Birth of Prog Rock
n 1. Audience passivity – they sit in seats and listen like a classical concert – parallel with experience of Jazz in late 40s – self-conscience art music.
2. Songs often poetic and may have a narrative. No longer about inter-personal relationships. Escape from the pop song as a 3-minute fiction. Tracks frequently 5 minutes and longer – emergence of the rock ballad with acoustic prologue leading after a first/second verse to an electric finale with guitar solo before final section.
n 3. Seeks classical legitimacy as art. Use of keyboard to front groups – ELP.
More on prog rock n 1. Reception by audience bound up with counter culture and ideals
of new world order of hippies. n 2. Unity of project – concept album encoded a message. n 3. Advanced harmonies, electro/studio techniques, rock opera,
elaborate stage/lighting shows. Extended instrumentals. n 4. More successful and advanced groups are British and Middle
class – Moody Blues, Jethro Tull, King Crimson, Yes, Genesis, Pink Floyd, Nice, Emmerson Lake and Palmer, Van der Graff Generator, etc. But intended to sell to an American and worldwide audience. (Many such groups still perform to non-UK audiences – Jethro Tull)
n 6. Many parallels with 19th century romanticism and the life of artistic bohemian.
e.g. Pink Floyd
n Breathe from ‘The Dark Side of the Moon’ (1973)
Hippies n 1. Young middle-class whites who had rejected the lifestyle of their
parents. Live on today as crusties. n No organised agenda – dislike of any kind of
organisation. n Emphasis on uncovering new realms of conception and
consciousness – through drugs, sex and meditation. n Adoption of Eastern or ‘mythical’ religious practices – TM n Anti-materialists; refused to work; nomadic lifestyle,
despised the 9to5 existence of ‘straights’. n Anti-military and any form of law enforcement.
Concept Album n 1. Concept Album emerges with Pet Sounds and Sergeant Pepper.
Golden age from 1967 to 1977. Killed off by arrival of Punk which was in part a reaction to Prog Rock. Alternative direction taken by Heavy Metal.
n Subject of songs is often veiled. Not a narrative nor does it related a message. Allusions to drugs and states of mind – though not directly stated.
n The Sleeve design becomes important – gives the idea of a coherent package.
n The meaning of the concept album is socially constructed among the listeners- there is always a range of meanings.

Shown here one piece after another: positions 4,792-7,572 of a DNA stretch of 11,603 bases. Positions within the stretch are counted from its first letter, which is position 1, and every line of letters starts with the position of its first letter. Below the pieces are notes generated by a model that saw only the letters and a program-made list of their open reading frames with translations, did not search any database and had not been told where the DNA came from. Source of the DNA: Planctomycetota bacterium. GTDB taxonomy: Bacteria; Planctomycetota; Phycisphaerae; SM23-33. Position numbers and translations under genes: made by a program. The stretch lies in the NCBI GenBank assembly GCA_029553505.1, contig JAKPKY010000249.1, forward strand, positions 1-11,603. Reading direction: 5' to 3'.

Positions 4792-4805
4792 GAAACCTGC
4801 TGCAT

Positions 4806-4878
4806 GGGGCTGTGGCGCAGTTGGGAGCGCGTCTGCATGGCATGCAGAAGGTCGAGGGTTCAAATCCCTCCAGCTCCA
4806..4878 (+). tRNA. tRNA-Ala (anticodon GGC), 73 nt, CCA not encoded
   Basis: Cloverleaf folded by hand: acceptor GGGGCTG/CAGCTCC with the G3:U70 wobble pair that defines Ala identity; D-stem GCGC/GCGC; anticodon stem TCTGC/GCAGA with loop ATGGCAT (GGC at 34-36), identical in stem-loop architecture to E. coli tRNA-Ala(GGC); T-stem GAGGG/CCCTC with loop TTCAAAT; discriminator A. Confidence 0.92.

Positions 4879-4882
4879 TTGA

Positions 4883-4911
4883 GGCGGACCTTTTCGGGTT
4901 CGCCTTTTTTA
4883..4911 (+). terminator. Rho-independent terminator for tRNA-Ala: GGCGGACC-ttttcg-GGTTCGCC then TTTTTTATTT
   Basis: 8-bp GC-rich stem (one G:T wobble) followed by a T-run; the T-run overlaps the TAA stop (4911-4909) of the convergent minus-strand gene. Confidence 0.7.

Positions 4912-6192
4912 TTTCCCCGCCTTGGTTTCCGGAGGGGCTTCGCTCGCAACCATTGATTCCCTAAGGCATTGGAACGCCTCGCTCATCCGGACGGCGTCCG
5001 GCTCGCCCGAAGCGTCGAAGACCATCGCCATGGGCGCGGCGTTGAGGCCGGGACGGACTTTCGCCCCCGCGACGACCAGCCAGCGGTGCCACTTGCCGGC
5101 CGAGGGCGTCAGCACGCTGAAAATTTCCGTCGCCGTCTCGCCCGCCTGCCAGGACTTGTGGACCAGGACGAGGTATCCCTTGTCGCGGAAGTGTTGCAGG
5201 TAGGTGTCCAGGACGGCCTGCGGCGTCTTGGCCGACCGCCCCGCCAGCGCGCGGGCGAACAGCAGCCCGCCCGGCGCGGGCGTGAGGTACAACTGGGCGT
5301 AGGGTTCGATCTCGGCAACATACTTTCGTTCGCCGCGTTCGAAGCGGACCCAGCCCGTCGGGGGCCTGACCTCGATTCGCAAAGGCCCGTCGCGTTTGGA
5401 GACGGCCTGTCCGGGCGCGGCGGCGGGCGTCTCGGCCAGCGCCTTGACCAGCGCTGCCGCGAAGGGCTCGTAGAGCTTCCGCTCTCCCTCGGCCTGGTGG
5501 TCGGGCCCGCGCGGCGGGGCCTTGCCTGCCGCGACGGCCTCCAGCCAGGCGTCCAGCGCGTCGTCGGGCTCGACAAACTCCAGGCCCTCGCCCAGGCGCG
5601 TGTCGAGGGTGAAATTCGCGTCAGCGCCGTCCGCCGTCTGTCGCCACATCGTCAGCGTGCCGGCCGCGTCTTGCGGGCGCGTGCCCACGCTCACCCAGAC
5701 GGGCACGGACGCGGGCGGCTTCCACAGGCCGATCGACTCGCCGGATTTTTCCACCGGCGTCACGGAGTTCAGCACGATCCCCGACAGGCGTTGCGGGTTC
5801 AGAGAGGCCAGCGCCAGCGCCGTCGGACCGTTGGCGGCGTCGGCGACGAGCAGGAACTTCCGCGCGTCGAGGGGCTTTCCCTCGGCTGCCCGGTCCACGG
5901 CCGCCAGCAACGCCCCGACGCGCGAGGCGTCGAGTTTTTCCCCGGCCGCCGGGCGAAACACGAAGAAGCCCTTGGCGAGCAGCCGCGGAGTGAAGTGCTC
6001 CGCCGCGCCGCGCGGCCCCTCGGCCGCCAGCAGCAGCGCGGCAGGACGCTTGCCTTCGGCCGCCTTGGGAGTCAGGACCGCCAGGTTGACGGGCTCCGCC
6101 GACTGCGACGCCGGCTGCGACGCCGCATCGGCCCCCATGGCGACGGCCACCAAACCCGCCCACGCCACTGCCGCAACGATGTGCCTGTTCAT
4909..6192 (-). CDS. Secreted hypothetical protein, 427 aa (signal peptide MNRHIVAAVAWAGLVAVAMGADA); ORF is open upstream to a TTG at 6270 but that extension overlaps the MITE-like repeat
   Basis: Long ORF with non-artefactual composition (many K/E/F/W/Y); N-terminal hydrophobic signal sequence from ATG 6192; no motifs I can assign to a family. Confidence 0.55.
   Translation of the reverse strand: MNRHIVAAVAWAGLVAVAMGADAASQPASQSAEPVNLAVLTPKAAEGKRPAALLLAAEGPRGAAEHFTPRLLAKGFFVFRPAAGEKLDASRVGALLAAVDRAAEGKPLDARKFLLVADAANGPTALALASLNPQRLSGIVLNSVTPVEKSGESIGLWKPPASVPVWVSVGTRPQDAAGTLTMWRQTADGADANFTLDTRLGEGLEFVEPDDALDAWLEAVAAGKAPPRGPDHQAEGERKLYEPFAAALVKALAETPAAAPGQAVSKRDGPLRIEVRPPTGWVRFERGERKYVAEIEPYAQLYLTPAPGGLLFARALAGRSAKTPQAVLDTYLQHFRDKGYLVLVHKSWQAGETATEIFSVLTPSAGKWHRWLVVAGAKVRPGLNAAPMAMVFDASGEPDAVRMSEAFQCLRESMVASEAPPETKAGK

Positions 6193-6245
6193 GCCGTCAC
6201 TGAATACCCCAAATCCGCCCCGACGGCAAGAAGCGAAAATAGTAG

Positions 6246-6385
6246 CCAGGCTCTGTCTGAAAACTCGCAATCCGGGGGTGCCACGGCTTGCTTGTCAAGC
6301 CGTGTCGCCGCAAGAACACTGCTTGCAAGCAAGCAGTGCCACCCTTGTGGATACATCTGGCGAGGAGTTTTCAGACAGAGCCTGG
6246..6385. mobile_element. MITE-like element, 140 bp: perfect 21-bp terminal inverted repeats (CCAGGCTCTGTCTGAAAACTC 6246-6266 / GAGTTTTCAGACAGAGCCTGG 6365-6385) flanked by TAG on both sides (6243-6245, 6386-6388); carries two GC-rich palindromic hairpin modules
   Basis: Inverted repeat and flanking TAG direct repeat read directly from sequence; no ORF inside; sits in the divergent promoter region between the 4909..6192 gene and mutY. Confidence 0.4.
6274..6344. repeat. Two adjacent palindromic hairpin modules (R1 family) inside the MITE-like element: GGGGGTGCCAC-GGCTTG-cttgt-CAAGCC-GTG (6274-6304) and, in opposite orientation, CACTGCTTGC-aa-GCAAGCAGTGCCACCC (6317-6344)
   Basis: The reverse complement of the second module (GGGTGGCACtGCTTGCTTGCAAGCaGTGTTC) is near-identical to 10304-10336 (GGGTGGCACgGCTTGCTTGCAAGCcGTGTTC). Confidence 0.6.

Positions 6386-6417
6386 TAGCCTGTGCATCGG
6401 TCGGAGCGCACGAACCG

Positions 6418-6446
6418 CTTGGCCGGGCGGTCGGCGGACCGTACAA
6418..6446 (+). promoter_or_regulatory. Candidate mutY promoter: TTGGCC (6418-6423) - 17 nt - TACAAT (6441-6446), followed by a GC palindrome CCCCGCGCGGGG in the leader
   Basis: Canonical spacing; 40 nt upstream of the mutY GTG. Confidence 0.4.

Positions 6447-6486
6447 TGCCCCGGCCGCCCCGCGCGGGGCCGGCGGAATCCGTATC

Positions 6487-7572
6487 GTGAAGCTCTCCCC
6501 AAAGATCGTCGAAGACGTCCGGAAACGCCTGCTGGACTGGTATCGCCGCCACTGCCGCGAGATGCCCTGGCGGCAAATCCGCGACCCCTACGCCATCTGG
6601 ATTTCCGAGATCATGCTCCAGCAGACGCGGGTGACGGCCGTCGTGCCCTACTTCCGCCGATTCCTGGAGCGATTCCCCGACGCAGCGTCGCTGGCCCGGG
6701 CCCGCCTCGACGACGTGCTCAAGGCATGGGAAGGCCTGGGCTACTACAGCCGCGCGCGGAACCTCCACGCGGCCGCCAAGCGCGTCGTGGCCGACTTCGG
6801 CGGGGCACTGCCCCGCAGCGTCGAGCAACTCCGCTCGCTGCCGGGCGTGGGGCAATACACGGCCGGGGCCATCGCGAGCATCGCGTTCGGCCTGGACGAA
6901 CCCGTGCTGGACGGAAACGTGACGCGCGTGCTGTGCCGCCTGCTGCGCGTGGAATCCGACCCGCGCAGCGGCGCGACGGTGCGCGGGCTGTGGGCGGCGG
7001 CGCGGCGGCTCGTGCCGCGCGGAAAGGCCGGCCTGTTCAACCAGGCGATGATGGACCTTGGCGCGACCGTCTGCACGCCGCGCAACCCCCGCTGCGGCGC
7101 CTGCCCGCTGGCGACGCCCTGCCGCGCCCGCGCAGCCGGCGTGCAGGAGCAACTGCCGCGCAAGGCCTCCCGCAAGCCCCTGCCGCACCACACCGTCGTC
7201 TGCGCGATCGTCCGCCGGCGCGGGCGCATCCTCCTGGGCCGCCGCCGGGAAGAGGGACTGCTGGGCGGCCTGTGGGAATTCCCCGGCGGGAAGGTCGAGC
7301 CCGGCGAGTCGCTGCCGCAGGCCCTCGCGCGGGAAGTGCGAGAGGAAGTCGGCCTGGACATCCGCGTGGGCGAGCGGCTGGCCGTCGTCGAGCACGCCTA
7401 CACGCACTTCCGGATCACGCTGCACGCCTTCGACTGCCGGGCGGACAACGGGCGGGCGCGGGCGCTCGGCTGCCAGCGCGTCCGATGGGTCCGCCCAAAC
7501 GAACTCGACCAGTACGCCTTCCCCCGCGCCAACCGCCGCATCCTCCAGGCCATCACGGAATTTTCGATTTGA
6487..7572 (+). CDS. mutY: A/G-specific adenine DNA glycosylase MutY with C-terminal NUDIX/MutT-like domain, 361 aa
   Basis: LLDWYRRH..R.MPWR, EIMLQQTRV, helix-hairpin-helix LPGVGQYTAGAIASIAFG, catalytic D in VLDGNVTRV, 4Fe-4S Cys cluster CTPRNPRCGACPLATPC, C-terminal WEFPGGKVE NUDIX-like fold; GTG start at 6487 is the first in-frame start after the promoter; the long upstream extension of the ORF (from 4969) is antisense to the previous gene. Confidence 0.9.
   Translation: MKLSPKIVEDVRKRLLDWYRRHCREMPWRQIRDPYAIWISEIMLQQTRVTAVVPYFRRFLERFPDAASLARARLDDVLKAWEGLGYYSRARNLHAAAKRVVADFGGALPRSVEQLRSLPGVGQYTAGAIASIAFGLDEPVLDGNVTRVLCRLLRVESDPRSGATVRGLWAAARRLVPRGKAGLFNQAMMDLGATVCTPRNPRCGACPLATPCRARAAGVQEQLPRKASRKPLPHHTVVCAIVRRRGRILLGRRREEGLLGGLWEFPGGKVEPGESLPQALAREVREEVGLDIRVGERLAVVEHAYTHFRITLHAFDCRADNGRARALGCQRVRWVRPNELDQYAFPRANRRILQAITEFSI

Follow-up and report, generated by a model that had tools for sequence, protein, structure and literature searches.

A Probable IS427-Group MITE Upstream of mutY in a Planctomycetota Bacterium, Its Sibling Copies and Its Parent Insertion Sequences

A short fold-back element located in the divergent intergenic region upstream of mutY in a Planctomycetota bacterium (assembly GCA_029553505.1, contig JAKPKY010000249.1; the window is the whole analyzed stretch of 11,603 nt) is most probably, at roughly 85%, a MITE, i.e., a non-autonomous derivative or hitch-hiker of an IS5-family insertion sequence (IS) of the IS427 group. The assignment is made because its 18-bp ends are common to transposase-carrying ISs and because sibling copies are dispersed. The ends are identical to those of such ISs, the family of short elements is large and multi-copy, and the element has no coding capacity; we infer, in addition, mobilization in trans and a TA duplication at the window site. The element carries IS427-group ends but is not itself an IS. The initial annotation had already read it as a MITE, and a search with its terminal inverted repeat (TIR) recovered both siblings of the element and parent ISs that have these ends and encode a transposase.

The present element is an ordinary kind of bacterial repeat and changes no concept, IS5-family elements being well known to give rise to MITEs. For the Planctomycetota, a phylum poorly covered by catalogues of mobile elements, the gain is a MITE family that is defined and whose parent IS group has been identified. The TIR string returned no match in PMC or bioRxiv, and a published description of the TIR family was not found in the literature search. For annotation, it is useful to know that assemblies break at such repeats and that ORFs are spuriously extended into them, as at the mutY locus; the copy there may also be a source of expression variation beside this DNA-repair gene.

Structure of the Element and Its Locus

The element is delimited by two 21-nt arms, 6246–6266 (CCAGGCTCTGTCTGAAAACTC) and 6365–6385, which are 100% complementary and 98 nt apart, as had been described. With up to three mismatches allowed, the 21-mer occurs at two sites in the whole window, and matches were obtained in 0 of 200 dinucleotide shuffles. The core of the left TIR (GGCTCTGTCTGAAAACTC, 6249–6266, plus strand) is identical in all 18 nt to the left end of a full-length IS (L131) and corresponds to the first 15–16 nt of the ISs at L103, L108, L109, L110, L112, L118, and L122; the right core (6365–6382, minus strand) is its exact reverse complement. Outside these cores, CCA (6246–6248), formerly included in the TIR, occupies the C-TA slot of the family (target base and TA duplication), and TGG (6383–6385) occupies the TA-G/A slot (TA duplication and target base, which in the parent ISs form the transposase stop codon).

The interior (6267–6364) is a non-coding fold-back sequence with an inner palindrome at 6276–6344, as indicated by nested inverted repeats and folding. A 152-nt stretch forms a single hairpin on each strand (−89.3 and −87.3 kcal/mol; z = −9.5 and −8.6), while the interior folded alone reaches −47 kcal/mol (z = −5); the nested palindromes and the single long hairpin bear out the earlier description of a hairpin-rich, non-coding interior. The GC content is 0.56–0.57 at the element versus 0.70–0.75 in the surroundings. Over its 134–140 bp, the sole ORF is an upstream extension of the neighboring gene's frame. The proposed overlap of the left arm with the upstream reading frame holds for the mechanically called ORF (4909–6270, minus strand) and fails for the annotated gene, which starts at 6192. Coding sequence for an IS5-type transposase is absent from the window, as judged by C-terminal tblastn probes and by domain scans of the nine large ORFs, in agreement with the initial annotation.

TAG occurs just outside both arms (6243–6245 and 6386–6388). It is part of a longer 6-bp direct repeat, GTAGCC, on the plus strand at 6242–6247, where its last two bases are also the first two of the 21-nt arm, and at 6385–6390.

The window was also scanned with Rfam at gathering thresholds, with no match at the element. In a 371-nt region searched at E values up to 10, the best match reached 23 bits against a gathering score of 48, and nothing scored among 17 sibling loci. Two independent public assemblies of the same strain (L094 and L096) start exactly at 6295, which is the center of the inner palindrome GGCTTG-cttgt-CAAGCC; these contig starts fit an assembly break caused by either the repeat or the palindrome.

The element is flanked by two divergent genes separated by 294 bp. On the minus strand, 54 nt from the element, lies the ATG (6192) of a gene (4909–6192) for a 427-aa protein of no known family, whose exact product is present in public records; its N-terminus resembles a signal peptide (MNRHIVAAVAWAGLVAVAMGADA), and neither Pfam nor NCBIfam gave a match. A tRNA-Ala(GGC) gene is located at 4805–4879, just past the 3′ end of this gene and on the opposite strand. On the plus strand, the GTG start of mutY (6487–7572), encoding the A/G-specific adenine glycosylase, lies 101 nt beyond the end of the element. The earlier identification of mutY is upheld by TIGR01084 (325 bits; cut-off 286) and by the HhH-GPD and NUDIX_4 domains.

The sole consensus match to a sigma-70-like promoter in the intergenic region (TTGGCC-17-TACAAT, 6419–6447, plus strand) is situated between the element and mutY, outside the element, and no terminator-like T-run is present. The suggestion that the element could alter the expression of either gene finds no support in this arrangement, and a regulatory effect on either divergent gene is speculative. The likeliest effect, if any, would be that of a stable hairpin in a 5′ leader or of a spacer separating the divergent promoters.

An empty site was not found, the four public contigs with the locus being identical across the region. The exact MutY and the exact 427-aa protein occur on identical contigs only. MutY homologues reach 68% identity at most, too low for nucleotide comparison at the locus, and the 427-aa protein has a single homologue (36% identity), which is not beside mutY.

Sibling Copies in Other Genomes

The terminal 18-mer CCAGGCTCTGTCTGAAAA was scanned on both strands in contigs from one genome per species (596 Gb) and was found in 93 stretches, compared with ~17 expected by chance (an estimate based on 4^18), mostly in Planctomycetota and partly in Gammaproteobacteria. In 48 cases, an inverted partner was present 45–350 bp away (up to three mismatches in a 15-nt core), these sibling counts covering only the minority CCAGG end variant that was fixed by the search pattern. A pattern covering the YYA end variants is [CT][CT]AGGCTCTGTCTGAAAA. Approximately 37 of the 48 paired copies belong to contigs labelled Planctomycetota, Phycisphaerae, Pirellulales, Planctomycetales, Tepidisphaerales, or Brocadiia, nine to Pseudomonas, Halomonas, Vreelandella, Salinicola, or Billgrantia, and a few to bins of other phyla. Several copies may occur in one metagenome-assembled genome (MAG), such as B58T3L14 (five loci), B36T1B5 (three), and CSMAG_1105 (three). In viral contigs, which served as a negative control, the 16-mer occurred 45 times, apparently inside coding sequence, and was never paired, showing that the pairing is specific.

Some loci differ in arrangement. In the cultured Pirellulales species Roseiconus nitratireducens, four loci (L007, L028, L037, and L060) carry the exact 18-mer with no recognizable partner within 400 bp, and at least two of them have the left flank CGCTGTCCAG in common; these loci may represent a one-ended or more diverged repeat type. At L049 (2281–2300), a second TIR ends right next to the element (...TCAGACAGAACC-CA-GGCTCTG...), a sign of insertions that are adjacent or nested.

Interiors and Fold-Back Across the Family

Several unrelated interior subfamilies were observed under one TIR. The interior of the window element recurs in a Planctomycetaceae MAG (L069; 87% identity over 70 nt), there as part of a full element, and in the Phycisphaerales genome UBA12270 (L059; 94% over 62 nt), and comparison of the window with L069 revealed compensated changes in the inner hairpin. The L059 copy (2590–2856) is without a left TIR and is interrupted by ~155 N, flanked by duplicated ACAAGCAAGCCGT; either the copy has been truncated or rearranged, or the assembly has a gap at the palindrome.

n Segueing between tracks not uncommon. n Use of new electronic instruments – minimoogs and mellotrons.
Breakthough of Oldfield’s `Tubular Bells’.
What was so new about Sergeant Pepper
n 1. It had a vague theme – that of a dimly remembered working class Liverpool – remembered through the passed down reminiscences of the parent generation – an idealist community with mention of places, music hall, circus performers, etc.
n 2. The music was unplayable live and relied on studio techniques – laying down tracks individually, synthetised sounds, close amplification, etc. George Martin’s skills as an arranger and producer were crucial.
n The sleeve design conveyed the message.
n Please Please Me 22/11/63LPParlophonePCS 3045 n With the Beatles 19/06/64LPPolydor236 201 n The Beatles First 10/07/64LPParlophonePCS 3058 n A Hard Day's Night 4/12/64LPParlophonePCS 3062 n Beatles For Sale 6/08/65LPParlophonePCS 3071 Help ! 3/12/65LPParlophonePCS 3075 n Rubber Soul 5/08/66LPParlophonePCS
Revolver 10/12/66LPParlophonePCS 7016 A Collection of Beatles Oldies 1/06/67LPParlophonePCS 7027Sgt. Pepper's Lonely Hearts Club Band 22/11/68LPApplePCS 7067/8The Beatles (a.k.a. The White Album) 17/01/69LPParlophonePCS 7070Yellow Submarine 26/09/69LPApplePCS 7088 Abbey Road 8/05/70LPApplePXS 1Let it Be (Box Set) 6/11/70LPApplePCS 7096Let it Be 18/12
n Above all it had all the aspirations of art music and not of pop.
n Veiled references to LSD and connection with hippy ideology.
n Every one bought the album and it was universally recognised in its own time as something new.
Hendrix and Woodstock
Collapse of the Mainstream in the 1970s
n 1. The emergence of the hippie ideal (counter-culture) and escape to the back woods – country/folk rock, acoustic singer-song writers. Festivals.
n Glam rock, transvestitism and gender bending – exploration of the pop star cult and play with audience reaction.
n Programme/Classical rock – high seriousness and technological innovation. The grand event concert with light shows and complexity of operation.
n Metal – music as metaphor – images of power to create social meanings.
Kinks – Riff based songs
n Frith, Simon (1976): The Sociology of Rock (London, Constable)
n (also published as):- n Frith, Simon (1983): Sound Effects, Youth, Leisure and
the Politics of Rock (London, Constable) n Lonhurst, Brian (1995): Popular Music and Society
(Cambridge, CUP) 1960s and The Beatles: n Moore, Allen F. (1998): The Beatles: Sergeant Pepper
(Cambridge, CUP) n Mellor, Wilfred (1973); The Twilight of the Gods